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Owners determined to cut crewing costs as talks continue
17 July 2009

Shipowners are ready to stick to their demands for a reduction in crewing costs at key industry wage negotiations.

The International Maritime Employers Committee (Imec) representing employers of 73,581 officers and 112,000 ratings is in biannual wage negotiations with the International Transport Workers' Federation (ITF) that will likely set an industry benchmark.

Imec is partnered in the talks by the Joint Negotiating Group (JNG), which includes employer representatives from Japan, South Korea and Denmark and in total covers around 50% of seafarers. The talks are being held under the International Bargaining Forum (IBF).

Imec chairman Ian Sherwood says that despite a rally in rates in some sectors and continued shortage of senior officers, the organisation will hold firm on its call for a reduction in wages ahead of a final meeting in Manila in October.

He said: "The JNG position for a 10% reduction in the ITF model ship as a starting point is still on the table." Sherwood admits that the shortage of officers has seen a "huge increase in wages" over recent years and that there is still a shortage in the market but adds that reductions could be secured with downward pressure on wages for ratings.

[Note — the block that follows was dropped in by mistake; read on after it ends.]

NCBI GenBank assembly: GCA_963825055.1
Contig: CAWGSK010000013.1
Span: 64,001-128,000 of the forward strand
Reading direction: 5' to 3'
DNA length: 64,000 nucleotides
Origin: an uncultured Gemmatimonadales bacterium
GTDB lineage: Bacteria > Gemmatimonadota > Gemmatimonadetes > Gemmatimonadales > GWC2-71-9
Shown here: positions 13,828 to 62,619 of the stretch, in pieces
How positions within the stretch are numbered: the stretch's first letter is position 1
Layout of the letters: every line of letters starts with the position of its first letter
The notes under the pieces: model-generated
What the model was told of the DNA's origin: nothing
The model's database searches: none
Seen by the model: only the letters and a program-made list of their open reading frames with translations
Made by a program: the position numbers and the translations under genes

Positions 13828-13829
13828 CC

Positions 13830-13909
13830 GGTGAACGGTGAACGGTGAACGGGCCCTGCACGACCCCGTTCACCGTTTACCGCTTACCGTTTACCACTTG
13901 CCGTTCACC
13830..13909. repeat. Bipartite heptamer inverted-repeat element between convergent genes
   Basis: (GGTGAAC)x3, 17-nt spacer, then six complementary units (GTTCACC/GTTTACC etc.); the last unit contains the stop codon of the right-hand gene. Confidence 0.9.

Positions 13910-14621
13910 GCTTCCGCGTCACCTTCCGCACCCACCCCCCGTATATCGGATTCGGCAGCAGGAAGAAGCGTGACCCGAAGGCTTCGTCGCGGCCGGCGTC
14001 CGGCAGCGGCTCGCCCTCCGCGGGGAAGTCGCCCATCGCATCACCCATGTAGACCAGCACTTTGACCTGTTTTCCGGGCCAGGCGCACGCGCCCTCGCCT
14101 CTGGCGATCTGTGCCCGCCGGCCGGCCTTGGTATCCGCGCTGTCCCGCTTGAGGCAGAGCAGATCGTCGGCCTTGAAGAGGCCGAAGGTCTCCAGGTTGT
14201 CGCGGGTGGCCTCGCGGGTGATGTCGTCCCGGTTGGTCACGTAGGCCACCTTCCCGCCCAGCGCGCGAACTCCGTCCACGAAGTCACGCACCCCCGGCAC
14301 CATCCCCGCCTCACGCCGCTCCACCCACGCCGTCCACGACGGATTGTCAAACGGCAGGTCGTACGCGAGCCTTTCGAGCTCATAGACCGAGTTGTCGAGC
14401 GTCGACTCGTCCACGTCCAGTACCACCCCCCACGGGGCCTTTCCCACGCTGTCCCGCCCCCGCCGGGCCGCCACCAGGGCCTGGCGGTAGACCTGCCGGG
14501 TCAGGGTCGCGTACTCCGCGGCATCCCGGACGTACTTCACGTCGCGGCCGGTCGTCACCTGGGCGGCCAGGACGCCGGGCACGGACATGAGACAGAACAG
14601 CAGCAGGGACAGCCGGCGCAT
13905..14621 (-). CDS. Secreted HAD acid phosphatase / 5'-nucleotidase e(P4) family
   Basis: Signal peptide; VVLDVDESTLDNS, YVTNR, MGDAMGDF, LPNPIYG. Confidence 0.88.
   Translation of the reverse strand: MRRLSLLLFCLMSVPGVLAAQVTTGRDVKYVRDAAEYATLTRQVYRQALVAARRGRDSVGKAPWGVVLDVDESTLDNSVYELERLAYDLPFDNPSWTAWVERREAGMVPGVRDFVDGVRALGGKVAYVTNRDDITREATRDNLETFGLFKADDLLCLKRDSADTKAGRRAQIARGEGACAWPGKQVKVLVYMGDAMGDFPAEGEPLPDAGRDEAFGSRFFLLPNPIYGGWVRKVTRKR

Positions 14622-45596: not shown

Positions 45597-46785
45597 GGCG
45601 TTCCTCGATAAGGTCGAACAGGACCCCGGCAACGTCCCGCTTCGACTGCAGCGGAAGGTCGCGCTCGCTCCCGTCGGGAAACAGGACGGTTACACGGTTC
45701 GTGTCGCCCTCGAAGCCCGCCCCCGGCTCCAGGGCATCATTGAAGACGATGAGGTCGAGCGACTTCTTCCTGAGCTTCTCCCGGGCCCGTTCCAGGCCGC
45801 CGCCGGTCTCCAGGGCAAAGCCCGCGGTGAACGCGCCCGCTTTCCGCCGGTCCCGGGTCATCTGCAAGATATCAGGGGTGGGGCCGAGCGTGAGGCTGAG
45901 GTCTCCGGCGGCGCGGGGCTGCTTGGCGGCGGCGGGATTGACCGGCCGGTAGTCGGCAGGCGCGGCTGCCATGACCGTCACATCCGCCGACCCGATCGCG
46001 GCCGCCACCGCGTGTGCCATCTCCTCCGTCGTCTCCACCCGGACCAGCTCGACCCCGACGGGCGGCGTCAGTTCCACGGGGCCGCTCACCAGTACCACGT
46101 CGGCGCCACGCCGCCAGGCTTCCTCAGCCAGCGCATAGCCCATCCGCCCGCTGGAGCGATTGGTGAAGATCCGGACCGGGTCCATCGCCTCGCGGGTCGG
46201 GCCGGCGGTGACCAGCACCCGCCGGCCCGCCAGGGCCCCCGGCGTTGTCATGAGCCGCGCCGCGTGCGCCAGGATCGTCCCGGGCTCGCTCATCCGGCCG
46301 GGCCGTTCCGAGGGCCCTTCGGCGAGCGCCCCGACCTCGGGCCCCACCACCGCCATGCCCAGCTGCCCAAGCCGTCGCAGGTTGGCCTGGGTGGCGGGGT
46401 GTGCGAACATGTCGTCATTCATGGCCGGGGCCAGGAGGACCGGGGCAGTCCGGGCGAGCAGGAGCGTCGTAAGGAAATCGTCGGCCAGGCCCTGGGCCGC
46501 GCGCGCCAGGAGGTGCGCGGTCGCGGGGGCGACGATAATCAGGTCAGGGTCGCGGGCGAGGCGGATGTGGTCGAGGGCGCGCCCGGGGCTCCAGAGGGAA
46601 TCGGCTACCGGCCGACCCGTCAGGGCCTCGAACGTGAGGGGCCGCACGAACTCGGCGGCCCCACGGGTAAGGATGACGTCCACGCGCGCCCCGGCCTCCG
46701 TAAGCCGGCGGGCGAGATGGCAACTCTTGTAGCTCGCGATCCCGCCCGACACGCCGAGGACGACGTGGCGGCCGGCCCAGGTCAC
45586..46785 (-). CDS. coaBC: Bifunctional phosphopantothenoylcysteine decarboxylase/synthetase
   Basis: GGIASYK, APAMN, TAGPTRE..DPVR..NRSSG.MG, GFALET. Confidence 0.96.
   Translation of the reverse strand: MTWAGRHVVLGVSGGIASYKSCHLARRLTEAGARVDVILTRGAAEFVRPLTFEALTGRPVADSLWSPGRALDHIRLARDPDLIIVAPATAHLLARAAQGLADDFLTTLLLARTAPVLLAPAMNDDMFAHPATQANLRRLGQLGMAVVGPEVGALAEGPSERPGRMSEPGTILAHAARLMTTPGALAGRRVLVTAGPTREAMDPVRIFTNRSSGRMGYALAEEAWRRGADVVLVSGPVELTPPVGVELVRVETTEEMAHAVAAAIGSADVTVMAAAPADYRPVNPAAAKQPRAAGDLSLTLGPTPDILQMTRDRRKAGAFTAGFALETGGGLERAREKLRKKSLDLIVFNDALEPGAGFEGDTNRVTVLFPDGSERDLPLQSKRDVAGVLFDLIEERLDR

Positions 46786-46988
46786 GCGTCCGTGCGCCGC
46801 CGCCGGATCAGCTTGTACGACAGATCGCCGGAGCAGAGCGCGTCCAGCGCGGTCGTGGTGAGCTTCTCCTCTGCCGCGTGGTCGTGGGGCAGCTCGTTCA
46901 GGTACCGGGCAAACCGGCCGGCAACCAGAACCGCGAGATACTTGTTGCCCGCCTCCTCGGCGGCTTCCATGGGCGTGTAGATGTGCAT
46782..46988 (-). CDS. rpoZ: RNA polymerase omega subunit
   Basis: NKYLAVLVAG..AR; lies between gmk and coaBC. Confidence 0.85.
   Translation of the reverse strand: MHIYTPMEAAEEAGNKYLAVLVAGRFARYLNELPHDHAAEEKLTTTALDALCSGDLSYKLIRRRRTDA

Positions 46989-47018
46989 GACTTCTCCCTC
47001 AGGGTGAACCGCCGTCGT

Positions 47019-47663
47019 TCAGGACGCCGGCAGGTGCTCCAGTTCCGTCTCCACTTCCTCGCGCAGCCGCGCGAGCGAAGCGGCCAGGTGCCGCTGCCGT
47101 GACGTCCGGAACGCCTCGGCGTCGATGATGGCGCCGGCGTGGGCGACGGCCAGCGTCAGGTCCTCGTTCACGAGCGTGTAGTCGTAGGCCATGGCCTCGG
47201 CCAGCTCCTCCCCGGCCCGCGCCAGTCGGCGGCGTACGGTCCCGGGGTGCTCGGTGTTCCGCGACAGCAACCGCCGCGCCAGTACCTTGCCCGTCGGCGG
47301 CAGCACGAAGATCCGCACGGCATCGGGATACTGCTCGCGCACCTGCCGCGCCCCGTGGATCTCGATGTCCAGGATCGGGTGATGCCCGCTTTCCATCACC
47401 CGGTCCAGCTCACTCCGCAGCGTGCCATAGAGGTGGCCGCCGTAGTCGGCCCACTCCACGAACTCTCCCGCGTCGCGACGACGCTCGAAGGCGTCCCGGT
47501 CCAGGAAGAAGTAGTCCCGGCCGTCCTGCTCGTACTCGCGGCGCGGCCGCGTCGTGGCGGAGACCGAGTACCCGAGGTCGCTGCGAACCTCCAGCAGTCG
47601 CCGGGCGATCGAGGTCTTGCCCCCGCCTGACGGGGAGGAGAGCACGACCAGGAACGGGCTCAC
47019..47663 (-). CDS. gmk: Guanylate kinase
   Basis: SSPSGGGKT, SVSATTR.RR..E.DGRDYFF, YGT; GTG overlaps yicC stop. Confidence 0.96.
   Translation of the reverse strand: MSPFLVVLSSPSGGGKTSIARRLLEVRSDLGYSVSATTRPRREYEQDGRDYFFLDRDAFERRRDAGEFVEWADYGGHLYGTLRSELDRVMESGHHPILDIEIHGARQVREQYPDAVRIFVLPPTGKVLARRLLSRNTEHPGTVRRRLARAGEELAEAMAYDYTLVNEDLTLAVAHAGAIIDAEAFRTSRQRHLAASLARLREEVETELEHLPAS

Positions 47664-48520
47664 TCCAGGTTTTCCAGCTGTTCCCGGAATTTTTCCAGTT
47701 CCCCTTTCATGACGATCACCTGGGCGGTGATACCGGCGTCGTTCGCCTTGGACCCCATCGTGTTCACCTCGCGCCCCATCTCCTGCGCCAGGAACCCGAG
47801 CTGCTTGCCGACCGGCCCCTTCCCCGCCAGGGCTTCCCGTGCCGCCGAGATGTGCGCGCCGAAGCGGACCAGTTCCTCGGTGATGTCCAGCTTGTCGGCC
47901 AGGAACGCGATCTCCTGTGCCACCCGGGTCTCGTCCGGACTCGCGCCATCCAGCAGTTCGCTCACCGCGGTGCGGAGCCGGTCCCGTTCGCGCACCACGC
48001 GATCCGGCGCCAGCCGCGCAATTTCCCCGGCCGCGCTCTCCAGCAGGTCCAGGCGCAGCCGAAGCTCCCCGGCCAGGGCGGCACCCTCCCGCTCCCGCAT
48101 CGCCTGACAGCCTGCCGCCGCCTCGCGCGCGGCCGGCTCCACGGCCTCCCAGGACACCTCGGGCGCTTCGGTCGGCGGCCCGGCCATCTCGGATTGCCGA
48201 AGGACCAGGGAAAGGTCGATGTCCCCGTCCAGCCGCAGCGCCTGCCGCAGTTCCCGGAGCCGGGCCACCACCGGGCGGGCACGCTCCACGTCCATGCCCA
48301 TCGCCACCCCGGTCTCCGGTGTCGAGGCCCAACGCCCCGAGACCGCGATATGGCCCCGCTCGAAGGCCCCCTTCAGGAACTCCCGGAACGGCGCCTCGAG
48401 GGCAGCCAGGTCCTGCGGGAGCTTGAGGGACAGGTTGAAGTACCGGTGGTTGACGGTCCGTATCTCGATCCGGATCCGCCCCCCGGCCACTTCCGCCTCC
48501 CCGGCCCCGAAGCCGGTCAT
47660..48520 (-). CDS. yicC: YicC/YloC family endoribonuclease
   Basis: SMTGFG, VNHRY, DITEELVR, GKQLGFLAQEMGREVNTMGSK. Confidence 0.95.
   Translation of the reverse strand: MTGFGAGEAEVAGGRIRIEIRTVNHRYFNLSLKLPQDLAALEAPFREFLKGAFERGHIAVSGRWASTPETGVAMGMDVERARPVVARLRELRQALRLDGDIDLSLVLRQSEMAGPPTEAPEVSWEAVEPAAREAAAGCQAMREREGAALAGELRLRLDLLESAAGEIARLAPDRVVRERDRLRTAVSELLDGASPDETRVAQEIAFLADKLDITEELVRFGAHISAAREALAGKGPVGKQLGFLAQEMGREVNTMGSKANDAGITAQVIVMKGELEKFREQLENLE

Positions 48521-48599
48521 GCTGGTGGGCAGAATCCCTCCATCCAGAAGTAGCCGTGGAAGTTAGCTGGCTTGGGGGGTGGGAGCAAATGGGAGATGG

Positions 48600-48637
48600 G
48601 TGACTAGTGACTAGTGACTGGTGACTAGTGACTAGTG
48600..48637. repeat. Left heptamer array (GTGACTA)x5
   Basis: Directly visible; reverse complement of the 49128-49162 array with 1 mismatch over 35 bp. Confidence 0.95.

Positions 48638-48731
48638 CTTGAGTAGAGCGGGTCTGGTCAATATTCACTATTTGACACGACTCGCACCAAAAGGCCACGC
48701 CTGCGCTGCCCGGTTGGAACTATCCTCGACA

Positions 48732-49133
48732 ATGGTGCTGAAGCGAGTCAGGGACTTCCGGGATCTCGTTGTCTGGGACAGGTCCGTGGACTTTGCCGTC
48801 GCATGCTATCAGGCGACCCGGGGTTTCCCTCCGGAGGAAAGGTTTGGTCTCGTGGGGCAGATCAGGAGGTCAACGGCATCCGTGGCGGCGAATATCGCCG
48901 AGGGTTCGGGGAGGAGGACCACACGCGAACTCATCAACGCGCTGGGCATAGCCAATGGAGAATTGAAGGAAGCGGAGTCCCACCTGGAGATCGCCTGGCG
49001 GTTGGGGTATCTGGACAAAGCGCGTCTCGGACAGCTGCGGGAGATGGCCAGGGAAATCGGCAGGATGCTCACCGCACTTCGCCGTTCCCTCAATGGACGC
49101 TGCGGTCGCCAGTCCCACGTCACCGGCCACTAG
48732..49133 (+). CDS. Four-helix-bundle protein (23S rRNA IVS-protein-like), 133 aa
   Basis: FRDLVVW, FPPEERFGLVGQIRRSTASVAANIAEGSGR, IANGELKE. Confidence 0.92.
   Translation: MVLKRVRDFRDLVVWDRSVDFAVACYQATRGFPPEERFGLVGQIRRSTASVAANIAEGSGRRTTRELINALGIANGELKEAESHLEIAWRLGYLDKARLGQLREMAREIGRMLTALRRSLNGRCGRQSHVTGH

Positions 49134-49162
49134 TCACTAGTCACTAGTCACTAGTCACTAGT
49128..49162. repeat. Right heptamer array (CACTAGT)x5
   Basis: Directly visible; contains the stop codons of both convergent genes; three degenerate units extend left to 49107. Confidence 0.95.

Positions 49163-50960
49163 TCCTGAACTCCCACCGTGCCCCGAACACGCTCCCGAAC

"It should be possible to achieve a 10% decrease easily without affecting the wages of key employees," he said. Market rates for officers are currently well above that of the IBF model ship.

Incoming Imec general-secretary Giles Heimann, who is set to take over from David Dearsley, says it is "too early" to determine if an agreement can be scored at the Manila meeting. The current ITF agreement runs out in January 2010.

So far, wages have been set at levels that account for other factors. Among the other issues included in the wage negotiations is a special levy to subsidise the employment of ratings from developed countries.

However, because shipowners insist there is no wage increase in prospect, it is proving difficult to include measures such as this in an overall wage agreement, a factor further delaying a resolution.
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